Managing Lymphedema in the Summer
Jun 26, 2017 11:00AM ● Published by Digital Media Director
By: Carrie Langston
As summer approaches, patients with lymphedema need to take extra precautions to prevent a “flair-up”. Those at risk should also be on the the alert for the signs and symptoms of impending lymphedema.
Why does summer heat effect lymphedema?
Heat causes our blood vessels to expand or vasodilate. The expansion increases the amount of fluid that moves out of the blood vessels and into the tissues. When the lymphatic system does not work correctly or works inefficiently, the excess fluid does not return to the lymphatic system as it should and lymphedema results.
Staying out of the heat isn’t always an option or desired. Patients still want to enjoy summer. In this case, compression garments become a necessary summer accessory to keep the lymphatic system in check. However, limited exposure to the heat will give the lymphatic system the best chance to work optimally.
Fortunately, swimming is a great activity to stimulate the lymphatic system, but patients need to be cautioned to have a garment ready to don once they exit the pool. If swimming in a chlorinated pool, patients should shower immediately after swimming and maintain a healthy skin moisturizing regimen. It can also be helpful to wear footwear when swimming in pools or open bodies of water to avoid any scrapes or cuts from rough cement or rocks. Hot tubs are not recommended for lymphedema.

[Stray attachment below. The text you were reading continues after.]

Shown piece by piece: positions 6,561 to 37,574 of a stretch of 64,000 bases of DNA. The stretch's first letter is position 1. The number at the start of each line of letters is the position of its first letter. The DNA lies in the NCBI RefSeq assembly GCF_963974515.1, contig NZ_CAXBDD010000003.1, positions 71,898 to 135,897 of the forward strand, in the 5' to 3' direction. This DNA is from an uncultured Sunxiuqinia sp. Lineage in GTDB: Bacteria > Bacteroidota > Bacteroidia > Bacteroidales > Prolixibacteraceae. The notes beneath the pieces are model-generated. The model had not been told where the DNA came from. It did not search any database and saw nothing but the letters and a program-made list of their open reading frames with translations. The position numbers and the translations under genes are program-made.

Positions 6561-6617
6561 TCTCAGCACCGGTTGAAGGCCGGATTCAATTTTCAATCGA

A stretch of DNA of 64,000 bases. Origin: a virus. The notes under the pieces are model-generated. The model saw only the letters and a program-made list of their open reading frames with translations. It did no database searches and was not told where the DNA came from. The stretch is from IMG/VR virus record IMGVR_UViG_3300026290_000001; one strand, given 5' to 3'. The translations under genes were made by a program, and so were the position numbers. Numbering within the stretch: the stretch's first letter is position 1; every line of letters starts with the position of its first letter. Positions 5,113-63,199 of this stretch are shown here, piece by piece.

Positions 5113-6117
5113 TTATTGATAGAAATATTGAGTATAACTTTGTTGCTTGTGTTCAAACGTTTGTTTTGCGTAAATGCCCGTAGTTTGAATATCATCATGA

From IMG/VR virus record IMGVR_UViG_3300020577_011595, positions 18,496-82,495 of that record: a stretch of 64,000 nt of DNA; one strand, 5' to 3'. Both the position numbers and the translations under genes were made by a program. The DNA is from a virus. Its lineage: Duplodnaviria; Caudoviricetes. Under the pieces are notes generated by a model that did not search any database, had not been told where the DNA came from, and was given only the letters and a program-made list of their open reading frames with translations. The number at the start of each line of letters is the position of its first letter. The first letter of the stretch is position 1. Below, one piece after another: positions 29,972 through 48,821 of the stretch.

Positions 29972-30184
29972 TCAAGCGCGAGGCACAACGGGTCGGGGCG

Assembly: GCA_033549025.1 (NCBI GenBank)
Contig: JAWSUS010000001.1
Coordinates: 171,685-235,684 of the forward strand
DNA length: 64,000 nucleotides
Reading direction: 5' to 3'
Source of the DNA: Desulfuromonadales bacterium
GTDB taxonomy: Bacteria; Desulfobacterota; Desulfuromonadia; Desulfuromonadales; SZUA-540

How is skin care important to lymphedema treatment and maintenance?
In the summer, it becomes even more important to be vigilant about proper skin care. Lymphedema patients should be sure to use sunscreen to protect from burns, as they can damage the very superficial lymphatic system and cause inflammation to quickly get out of control. Bug repellant also becomes essential as a single bug bite can also quickly escalate the inflammation process and an affected limb can possible double in size in a very short amount of time.
Tips for Traveling
When traveling, especially by air, it becomes very important to wear compression garments. The air pressure decreases in the cabin of as the aircraft ascends. Here are a few things that can make a flight more comfortable.
1. Whether a person has lymphedema or is at risk, a properly fitted compression garment is essential. Garments should be replaced every six months to maintain adequate compression and containment.
2. Reserve an aisle seat. This makes it easier to get in and out of the seat easily to walk the aisles to keep lymph from pooling.
3. Perform Seated exercises as often as needed to keep the lymphatic system stimulated.
4. Drink Water. Staying hydrated will also help keep lymphatic system functioning properly.
5. Remain consistent with a lymphatic supportive diet. Avoid salty food and minimize caffeine and alcohol intake.
6. Avoid carrying heavy luggage with the affected limb.
7. Break up travel into several segments, ensuring layovers with time to exercise and return to normal air pressure, giving the compromised lymphatic system time to recover before going back into the air again.
Carrie Langston is a lymphedema specialist at Lymphedema Therapy Specialists in Sioux Falls.